moderated Re: moving files from a folder


On Tue, Dec 7, 2021 at 10:31 AM, Steve Nutt wrote:
That’s a great explanation and one that I don’t think a lot of visually impaired or blind people realise
And I can understand why.

When you are using cut and paste for text, or a sound chunk in Audacity, or in most instances the thing cut is instantly removed, and it's presented visually as "gone."  It's as though it was never there.

By contrast, in File Explorer, when you cut a file it is not instantly removed, but shown as "faded out" for lack of any better way to put it.  The icon is still present but its visual intensity is lessened.  That tells you that the file is staged for the cut.  

This is the case because, otherwise, cut and delete for files would be virtually functionally equivalent, but there would be some "file limbo" that is not the Recycle Bin for a cut file while it was in suspended animation before it was pasted, and then what would a user think if they cut and changed their mind and did nothing?  They'd have every reason to believe the file had been deleted, as a file disappearing from the screen and not reappearing indicates it's gone, permanently.

Another example of one of those occasions where there is no direct substitute for sight.  Something is being communicated to the user via this sensory modality that simply cannot be captured in another, or at least not in a way that would be tolerable in a number of circumstances.  Can you imagine if you were cutting a thousand files that you'd selected with CTRL + A and the screen reader were to start saying, "Cut files: file one, file two, file three, etc.?"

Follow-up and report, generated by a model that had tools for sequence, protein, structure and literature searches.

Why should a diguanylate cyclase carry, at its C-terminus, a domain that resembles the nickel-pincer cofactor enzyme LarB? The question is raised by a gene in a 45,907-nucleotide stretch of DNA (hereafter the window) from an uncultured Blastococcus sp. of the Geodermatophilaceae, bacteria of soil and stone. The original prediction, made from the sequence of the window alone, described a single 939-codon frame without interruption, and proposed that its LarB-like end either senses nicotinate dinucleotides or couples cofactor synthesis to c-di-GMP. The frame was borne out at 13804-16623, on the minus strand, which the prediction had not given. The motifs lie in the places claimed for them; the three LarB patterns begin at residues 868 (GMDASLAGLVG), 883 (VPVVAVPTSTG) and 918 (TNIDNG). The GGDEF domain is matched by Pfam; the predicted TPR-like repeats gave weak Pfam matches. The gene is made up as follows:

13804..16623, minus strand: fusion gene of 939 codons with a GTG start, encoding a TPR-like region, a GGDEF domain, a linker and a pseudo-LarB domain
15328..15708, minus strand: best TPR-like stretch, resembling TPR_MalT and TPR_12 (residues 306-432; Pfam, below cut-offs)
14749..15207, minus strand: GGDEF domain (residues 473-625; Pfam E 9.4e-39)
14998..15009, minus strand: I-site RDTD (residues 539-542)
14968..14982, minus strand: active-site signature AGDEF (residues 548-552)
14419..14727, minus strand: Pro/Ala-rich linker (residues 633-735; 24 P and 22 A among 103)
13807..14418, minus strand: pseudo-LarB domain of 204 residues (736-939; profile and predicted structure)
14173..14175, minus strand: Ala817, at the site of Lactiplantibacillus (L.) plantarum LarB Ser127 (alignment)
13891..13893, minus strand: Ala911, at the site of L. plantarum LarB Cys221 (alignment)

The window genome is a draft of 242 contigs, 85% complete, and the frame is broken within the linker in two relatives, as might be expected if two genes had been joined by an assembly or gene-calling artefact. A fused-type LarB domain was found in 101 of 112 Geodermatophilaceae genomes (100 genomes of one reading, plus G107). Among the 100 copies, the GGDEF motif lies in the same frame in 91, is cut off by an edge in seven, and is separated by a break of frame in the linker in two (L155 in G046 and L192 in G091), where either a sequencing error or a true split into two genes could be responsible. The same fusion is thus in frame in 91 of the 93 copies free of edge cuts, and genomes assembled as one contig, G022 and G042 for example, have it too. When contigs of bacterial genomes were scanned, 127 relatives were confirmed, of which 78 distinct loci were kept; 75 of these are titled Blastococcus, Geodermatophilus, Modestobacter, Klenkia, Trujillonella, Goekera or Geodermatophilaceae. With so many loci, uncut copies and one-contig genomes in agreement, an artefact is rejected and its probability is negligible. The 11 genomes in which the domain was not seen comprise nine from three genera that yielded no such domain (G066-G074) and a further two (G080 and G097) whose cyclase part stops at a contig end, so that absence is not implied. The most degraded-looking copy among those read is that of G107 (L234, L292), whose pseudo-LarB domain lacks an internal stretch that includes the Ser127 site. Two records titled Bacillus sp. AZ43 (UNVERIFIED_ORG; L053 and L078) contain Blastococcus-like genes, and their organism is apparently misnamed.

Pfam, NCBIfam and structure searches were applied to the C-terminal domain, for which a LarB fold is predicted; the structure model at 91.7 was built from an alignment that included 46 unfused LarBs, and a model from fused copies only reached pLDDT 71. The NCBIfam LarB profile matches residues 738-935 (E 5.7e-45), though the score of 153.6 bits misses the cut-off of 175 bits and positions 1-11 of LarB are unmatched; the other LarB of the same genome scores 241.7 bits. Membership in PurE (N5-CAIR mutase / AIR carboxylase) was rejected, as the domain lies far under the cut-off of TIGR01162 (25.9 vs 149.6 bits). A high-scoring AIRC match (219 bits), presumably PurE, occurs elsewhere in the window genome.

There are also things that you have to take somewhat on faith, and that's regardless of visual status, and one of those is that the fundamental Windows functions work and work as designed.  Missing files, as described earlier, have always, in my experience, been the direct result of user error when pasting (and I've made those errors).  Files that are cut and pasted do not simply vanish, but they do sometimes land in a folder you hadn't thought you were pasting into.

This is one of the reasons I am a huge fan of the Everything Search tool from  It allows me to very easily locate files, regardless of how I came to not know where they are, provided I remember something about their names.  And it's much easier and cleaner in doing so if what you're generally trying to find is a file using a file name than Windows Search is.  The only time I use Windows Search for a file is on those rare occasions where I don't have a clue as to what the file name, or part of it, was but I do happen to know some significant word or phrase it contains.  Since Windows indexes on file contents I'll use Windows Search when that's what I need to search on.  That doesn't happen very often, as I'm old enough to come from the era where file names had to be relatively short and you needed to keep those names (or something about them) in your mind.  I've long ago ditched the short part, at least sometimes, but I do keep what I called things filed in the wetware.

Brian - Windows 10, 64-Bit, Version 21H1, Build 19043  

Science has become just another voice in the room; it has lost its platform.  Now, you simply declare your own truth.

       ~ Dr. Paul A. Offit, in New York Times article, How Anti-Vaccine Sentiment Took Hold in the United States, September 23, 2019

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